Apple’s IAP, he added, is just its way of seamlessly collecting its 30% commission. 

Schmalensee also disagreed with Evans’ testimony regarding the product at issue in the case, which Evans described as both app distribution on iOS and iOS in-app payment solutions.


“Dr. Evans concludes that there is a separate demand for payment solutions distinct from demand for facilitating app transactions. Do you agree?” Apple’s attorney Daniel Swanson asked Schmalensee.

He answered, “What I've seen on that in his testimony is that developers would really rather not pay the 30% and would like to find another solution to handle their own payments so they don’t have to pay Apple. I don't view that as a separate demand for a service. I view that as a desire not to pay a commission.”

Swanson then asked if it is anticompetitive of Apple to require developers to use its IAP for digital transactions. 

“It is an efficient way to collect commission. It appears to be the natural business model for online stores," he said, adding that IAP is an integral part of the App Store itself, functioning like a credit card terminal that connects to a payment processor.

The 30% commission is also standard for the industry, he said.

Schmalensee drew a comparison between Apple’s IAP requirement to the anti-steering rules imposed on merchants by American Express, prohibiting them from skirting transaction fees by steering customers to use other credit cards at the point of sale.

The U.S. Supreme Court did not find those restrictions anti-competitive in Ohio v. American Express, in which Schmalensee submitted an amicus brief co-written with Evans.

Gonzalez Rogers interjected that she did not find the Amex case factually similar to Epic’s since merchants are allowed to display logos of all the credit cards they accept at their cash registers, giving customers a “visual indication of options.”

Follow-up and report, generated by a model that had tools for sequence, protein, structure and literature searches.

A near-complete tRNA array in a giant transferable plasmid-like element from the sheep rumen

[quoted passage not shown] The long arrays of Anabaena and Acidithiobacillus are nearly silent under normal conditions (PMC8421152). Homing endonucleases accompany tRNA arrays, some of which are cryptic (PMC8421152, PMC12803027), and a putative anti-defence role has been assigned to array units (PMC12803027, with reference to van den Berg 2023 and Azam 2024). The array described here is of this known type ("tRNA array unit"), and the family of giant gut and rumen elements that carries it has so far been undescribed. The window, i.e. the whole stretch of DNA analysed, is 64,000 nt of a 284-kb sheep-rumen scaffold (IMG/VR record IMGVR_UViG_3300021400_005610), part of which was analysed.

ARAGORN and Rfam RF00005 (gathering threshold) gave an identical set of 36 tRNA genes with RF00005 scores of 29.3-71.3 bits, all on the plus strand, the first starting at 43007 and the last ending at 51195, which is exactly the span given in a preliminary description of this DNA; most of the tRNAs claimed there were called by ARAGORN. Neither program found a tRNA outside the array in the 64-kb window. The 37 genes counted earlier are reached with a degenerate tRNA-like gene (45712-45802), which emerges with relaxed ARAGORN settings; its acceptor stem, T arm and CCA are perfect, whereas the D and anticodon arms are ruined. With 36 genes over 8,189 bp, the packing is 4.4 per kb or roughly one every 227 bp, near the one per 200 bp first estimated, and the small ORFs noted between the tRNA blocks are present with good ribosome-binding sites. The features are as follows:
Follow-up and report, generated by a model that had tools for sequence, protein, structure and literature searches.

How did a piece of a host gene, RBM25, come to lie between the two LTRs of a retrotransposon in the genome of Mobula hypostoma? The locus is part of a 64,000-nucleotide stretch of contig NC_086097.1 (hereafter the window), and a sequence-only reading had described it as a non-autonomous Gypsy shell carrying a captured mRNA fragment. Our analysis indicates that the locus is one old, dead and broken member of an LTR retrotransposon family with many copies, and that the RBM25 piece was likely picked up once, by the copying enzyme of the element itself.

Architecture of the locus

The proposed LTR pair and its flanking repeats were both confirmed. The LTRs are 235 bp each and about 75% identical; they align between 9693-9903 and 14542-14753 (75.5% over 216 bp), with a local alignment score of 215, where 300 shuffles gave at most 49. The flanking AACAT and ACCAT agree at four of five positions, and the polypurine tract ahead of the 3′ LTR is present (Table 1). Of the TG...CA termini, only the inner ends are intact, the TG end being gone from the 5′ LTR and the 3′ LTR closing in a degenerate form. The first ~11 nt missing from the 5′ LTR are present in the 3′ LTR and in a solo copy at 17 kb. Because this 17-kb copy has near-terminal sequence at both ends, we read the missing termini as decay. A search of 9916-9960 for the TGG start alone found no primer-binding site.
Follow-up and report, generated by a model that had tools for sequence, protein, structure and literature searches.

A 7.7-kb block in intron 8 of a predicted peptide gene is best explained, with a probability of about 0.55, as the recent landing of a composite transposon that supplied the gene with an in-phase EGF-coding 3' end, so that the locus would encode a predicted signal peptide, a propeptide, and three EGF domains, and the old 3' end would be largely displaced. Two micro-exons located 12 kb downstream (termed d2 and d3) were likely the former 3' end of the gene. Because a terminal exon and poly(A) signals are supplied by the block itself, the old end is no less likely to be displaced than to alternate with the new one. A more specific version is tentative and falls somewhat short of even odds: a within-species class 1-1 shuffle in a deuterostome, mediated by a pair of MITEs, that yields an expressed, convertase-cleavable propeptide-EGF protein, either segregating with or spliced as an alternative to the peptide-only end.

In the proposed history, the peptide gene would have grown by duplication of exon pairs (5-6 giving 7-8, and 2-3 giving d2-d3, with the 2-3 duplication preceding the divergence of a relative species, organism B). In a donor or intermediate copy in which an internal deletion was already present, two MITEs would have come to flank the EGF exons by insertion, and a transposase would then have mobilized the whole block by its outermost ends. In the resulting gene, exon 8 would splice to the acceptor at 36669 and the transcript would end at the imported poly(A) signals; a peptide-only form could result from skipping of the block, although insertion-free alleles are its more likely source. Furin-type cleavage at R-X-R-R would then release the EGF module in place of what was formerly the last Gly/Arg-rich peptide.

Apple’s rules prohibit developers from directly communicating with users inside the iOS app, so they cannot steer users away from the App Store to purchase digital content elsewhere at a discount.

"What's so bad about it anyway, for consumers to have choice?” Gonzalez Rogers asked.

The problem is, Schmalensee said, is that it threatens Apple's revenue stream. “You're giving the consumer a better deal but undercutting the App Store's ability to collect commissions," he said.

Epic may not like the model, Schmalensee said, but those are the rules, and the Supreme Court says they are not anticompetitive.

Gonzalez Rogers didn’t seem persuaded by his answer. “I don’t think they’re factually the same,” she said.

The judge also heard from former antitrust enforcer Francine LaFontaine, who poked holes in Evans' proposed single-brand aftermarket of all apps on the App Store. The former Federal Trade Commission economist said Evans' definition is too narrow because it “focuses on the one platform and consumers have options to go and transact on other platforms.” 

In other words, people can go buy their V-Bucks on Safari, Steam and other places, and still use them on the app.
She said it’s also too broad because not all apps are good substitutes for one another.

The case hinges in large part on how the relevant market is defined. But Gonzalez Rogers said she has yet to see any authority from the higher courts on the precise way to define a market.

“There are a lots of different considerations that go into defining what the relevant market is,” she said to the attorneys at the close of Wednesday’s testimony. “If it was clear-cut you would agree. But you don’t.”

She continued, “It reminds me of qualified immunity. There are lots of things you need to think about. One side says it's black, the other says it’s white. Typically the answer is somewhere in the grey.”